Review – Rain on Your Parade

There is a growing genre in the industry that I like to call backsimulators. They are not meant to be an in-depth experience or something to test your skills as a player. He wants you to troll others and make their lives hell, whether they give you goals or not. Games like Goat Simulator and Nameless Goose are good examples, though I don’t think any of them are particularly great in any sense of the word. The same cannot be said for the gem I just played, Rain on your parade.


In Rain on the Parade you control a nameless cloud that has a dream. Your mission is to help this little cloud reach a place sacred to these rain-bearing creatures: a mythical land called Seattle. Indeed, on your way to the promised land of the clouds, you must wreak as much havoc as possible and make the lives of those under you as miserable as possible. I immediately fell in love with the premise of this game as soon as I saw the little Princess Bride-esque presentation video, featuring a grandfather telling his grandson the fourth bedtime story and walking through the wall.

From the very first level, you’ll find that while you have to complete a certain number of tasks in each stage, you basically have carte blanche to mess up the day as you see fit. Do you want to ruin your wedding by leaving the bride out in the cold? Let’s go. Want to help the bomb explode by raining down on all the soldiers trying to defuse it? I don’t see why we should, but of course, it’s up to you. You want to ruin the parade of people on the beach? Have fun!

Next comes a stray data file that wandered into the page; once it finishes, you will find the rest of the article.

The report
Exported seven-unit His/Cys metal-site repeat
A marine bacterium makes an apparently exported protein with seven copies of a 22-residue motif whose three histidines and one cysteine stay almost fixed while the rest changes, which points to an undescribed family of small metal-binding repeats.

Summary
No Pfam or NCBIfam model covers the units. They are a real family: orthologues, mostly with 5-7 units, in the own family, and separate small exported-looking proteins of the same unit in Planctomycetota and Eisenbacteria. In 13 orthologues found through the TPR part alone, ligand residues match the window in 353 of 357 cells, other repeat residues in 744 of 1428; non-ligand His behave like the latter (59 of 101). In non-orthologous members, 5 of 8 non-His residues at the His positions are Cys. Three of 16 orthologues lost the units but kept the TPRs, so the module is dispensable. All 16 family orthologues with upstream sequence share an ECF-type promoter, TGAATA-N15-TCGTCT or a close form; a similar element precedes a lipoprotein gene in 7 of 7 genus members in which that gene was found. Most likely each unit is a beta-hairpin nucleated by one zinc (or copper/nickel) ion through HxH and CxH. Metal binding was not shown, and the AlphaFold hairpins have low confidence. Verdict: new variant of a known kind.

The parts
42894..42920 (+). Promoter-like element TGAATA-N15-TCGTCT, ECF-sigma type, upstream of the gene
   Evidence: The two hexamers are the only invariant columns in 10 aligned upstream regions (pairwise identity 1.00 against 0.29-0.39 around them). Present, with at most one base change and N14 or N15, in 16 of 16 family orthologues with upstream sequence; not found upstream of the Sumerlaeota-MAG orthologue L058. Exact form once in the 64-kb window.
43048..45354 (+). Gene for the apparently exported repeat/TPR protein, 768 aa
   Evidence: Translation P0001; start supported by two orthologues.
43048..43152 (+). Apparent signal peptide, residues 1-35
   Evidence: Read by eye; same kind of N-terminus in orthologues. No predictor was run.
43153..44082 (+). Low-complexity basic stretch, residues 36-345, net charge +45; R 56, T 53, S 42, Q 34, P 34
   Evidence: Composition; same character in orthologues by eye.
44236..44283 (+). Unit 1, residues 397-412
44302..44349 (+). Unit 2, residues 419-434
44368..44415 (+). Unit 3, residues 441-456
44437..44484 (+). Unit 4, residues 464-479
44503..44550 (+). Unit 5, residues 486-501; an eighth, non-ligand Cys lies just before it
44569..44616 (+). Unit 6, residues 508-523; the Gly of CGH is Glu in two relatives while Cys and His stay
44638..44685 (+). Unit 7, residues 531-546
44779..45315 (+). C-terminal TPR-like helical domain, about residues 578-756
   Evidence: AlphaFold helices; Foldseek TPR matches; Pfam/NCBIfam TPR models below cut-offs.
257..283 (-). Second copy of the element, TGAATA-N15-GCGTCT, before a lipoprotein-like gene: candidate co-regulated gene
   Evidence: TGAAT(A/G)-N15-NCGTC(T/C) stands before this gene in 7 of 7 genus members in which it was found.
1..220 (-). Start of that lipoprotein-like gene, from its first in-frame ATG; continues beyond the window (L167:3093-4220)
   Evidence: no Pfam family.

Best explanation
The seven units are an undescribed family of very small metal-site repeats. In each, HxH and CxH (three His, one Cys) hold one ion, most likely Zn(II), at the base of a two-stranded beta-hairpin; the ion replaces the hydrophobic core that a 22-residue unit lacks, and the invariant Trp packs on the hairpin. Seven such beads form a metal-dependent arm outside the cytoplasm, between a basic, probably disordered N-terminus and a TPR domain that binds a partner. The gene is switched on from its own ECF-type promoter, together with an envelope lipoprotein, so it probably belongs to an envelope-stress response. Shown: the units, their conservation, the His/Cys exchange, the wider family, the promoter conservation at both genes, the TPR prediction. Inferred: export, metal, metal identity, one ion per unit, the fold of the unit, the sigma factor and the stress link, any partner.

I ended up making a new surface for my cloud every three or four layers. I love that kind of thing.

By the way: Rain is not the only available capacity. The more you play, the more skills you discover. They range from throwing lightning at objects and creatures to dropping hail instead of raindrops. You can also use steam on special chemical containers and change the properties of your drops. You can rain oil, creating a path of total destruction if you rain on a fire source. Later, you can change your cloud to an acid rain cloud that will destroy crops and vehicles alike. They can even suck chemicals into the classroom to destroy a student’s science project.

It’s as stupid as you can imagine, but it’s a lot of fun. What surprised me the most was Rain’s variety of levels and objectives in your parade. This is not a short game, believe it or not, because it is full of levels with totally different rooms. There are challenges to complete in record time, scripted sections where you have to deal with a rain-hating scientist, and even a Metal Gear Solid-inspired level with codec clocks and KLOOOOOOOOUDJE!!! screams when you accidentally fail a mission.

These storms are very powerful, and the game lets you hit anything and everything!